A recent Eleventh Circuit decision joins the chorus of FCA cases struggling to interpret the scienter requirements in situations where there is more than one objectively reasonable interpretation of a statute, regulation, etc. See United States ex rel. Gerry Phalp et al. v. Lincare Holdings, Inc. et al., No. 16-10532, 2017 WL 2296878 (11th Cir. May 26, 2017). The Eleventh Circuit held that the mere existence of a reasonable interpretation of an ambiguous Medicare provision was not sufficient to show lack of scienter in an FCA case. It affirmed the district court decision granting summary judgment to the defendant, but amended the reasoning to clarify that scienter requires a determination that the defendant actually knew or should have known that its conduct violated the regulation in light of any ambiguity present.
The question of whether a defendant’s violation of an ambiguous contract provision or regulation can support FCA liability is a live one, with recent circuit courts weighing in on the extent to which a defendant’s subjective scienter ought to be considered. In the past, courts have relied on the Supreme Court’s holding in Safeco Insurance Company of America v. Burr, 551 U.S. 47, 68-71 (2007), for the proposition that where a defendant’s interpretation was objectively reasonable, the court need not consider the defendant’s subjective knowledge. This civil scienter standard was questionably undermined when the Supreme Court unanimously abrogated the Federal Circuit’s “objectively reckless” two-part test for scienter, as we discussed in an earlier blog. Halo Electronics, Inc. v. Pulse Electronics, Inc., 136 S. Ct. 1923 (2016).
An Eighth Circuit FCA decision provided a reading that harmonized the apparent tension between Safeco’s adoption of the “objectively reasonable” test and Halo’s rejection of the “objectively reckless” test. See United States ex rel. Donegan v. Anesthesia Assoc. of Kansas City, PC, 833 F.3d 874 (8th Cir. 2016). In Donegan, the Eighth Circuit held that the objectively reasonable test would insulate defendants from liability when a defendant had an objectively reasonable interpretation of an ambiguous regulation and the relator did not produce evidence that there was government guidance warning a defendant that the interpretation was otherwise unreasonable. The Lincare district court decision mirrored Safeco’s reasoning, allowing for essentially any post hoc rationalization of an ambiguous provision to negate a finding of liability. On appeal, however, the Eleventh Circuit aligned itself more closely with the Eight Circuit’s suggestion: that evidence that the defendant was on notice that an otherwise reasonable interpretation was incorrect could sustain scienter.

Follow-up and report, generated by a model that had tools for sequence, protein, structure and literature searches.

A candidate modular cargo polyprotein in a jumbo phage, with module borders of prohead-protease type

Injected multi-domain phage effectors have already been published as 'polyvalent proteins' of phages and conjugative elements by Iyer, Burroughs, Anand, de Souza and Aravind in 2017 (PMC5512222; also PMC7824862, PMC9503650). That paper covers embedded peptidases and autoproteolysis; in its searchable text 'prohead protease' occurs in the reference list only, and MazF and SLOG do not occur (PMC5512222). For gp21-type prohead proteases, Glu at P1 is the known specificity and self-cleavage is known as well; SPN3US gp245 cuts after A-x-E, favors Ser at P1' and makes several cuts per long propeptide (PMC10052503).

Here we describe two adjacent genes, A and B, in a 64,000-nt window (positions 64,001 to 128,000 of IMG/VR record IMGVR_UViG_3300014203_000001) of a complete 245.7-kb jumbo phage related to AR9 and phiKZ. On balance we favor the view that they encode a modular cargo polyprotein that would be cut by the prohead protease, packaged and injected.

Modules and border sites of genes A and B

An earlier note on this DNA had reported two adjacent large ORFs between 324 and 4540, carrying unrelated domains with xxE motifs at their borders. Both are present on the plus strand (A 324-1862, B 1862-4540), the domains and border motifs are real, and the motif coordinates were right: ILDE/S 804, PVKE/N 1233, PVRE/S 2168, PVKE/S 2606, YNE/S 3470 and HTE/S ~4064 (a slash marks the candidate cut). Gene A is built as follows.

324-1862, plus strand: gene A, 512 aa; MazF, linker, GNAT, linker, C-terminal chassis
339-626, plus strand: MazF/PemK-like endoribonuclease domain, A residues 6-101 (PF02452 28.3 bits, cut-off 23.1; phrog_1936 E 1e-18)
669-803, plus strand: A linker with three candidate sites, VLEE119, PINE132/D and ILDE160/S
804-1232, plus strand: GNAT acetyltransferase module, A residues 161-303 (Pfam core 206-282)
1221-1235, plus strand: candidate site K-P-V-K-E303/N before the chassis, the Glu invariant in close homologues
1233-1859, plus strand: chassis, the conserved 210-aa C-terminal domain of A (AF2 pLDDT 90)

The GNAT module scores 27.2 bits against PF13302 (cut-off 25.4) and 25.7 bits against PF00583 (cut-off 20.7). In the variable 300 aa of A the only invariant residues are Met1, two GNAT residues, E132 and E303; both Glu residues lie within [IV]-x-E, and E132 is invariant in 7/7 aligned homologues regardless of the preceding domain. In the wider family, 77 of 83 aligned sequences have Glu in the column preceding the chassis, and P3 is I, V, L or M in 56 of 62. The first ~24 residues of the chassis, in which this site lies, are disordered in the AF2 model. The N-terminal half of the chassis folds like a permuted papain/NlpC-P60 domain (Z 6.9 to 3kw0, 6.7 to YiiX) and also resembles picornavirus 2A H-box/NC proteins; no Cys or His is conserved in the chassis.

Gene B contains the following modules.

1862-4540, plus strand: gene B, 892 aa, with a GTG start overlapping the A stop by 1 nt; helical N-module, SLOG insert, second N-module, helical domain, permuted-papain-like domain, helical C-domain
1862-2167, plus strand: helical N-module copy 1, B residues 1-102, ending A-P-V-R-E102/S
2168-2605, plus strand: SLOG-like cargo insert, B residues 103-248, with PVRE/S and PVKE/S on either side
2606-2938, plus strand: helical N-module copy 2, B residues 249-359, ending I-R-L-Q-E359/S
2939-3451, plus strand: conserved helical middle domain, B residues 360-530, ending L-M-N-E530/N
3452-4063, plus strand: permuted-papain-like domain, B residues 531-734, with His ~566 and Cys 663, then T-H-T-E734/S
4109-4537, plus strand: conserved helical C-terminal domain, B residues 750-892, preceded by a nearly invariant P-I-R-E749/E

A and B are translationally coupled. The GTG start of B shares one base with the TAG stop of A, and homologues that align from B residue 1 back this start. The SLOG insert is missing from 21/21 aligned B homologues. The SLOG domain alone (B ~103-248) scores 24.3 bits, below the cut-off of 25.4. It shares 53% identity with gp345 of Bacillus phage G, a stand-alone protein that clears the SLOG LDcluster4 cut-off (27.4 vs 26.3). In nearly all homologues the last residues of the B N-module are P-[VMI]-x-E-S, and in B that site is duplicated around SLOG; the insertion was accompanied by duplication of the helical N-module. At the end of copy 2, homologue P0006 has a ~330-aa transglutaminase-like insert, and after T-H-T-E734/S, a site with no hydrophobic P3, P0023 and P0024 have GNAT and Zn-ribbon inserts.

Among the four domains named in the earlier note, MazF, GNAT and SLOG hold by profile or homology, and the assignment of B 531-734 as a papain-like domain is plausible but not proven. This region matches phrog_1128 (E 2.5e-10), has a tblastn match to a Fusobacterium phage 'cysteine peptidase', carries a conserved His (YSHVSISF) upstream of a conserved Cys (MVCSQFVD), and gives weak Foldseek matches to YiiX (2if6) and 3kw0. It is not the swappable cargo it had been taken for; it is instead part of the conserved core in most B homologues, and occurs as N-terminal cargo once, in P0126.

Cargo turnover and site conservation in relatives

Curiously, the Eleventh Circuit did not cite to Safeco, Halo, or Donegan when it rejected the district court’s scienter standard, even though the defendant and the government as amicus each made arguments about Safeco’s applicability. This omission distinguishes the opinion from those of other circuit courts to have touched the issue, such as United States ex rel. Purcell v. MWI Corp. out of the D.C. Circuit. 807 F.3d 281 (D.C. Cir. 2015). In that case, a relator alleged that the defendant had falsely certified that it had paid only “regular commissions” to be paid to its sales agents. The defendant argued that the commissions at issue in that case qualified as “regular” under an objectively reasonable interpretation of the term, and the Court cited heavily to Safeco in its discussion – ultimately holding that an ambiguous term could defeat scienter only if the defendant’s interpretation was objectively reasonable and the defendant had not previously been “warned away” from that interpretation. Id. at 288.
Despite the lack of direct discussion of Safeco, the Eleventh Circuit in Lincare rejected the district court’s Safeco-esque knowledge standard, reasoning that it would insulate “ostrich” defendants who “buried [their] head[s] in the sand” to ignore or avoid knowing that their otherwise objectively reasonable interpretation of the ambiguous provision was actually unacceptable. The Eleventh Circuit went on to say that the district court’s interpretation would permit post hoc reasonable interpretations that shielded defendants from liability, even when they had “actual knowledge of a different authoritative interpretation” at the time. This reasoning is consistent with that in Halo.
The question of how to treat ambiguous provisions with respect to FCA liability is one of the utmost importance to prospective defendants, particularly in light of the Escobar decision last summer. Implied certification opens the door for defendants to be especially vulnerable to allegations of failure to comply with ambiguous terms of their programs or contracts. It remains to be seen whether the circuits will ultimately stray far enough from Safeco to require Supreme Court intervention to create consistency, but in the meantime we will continue monitoring and bring you any new developments as we spot them.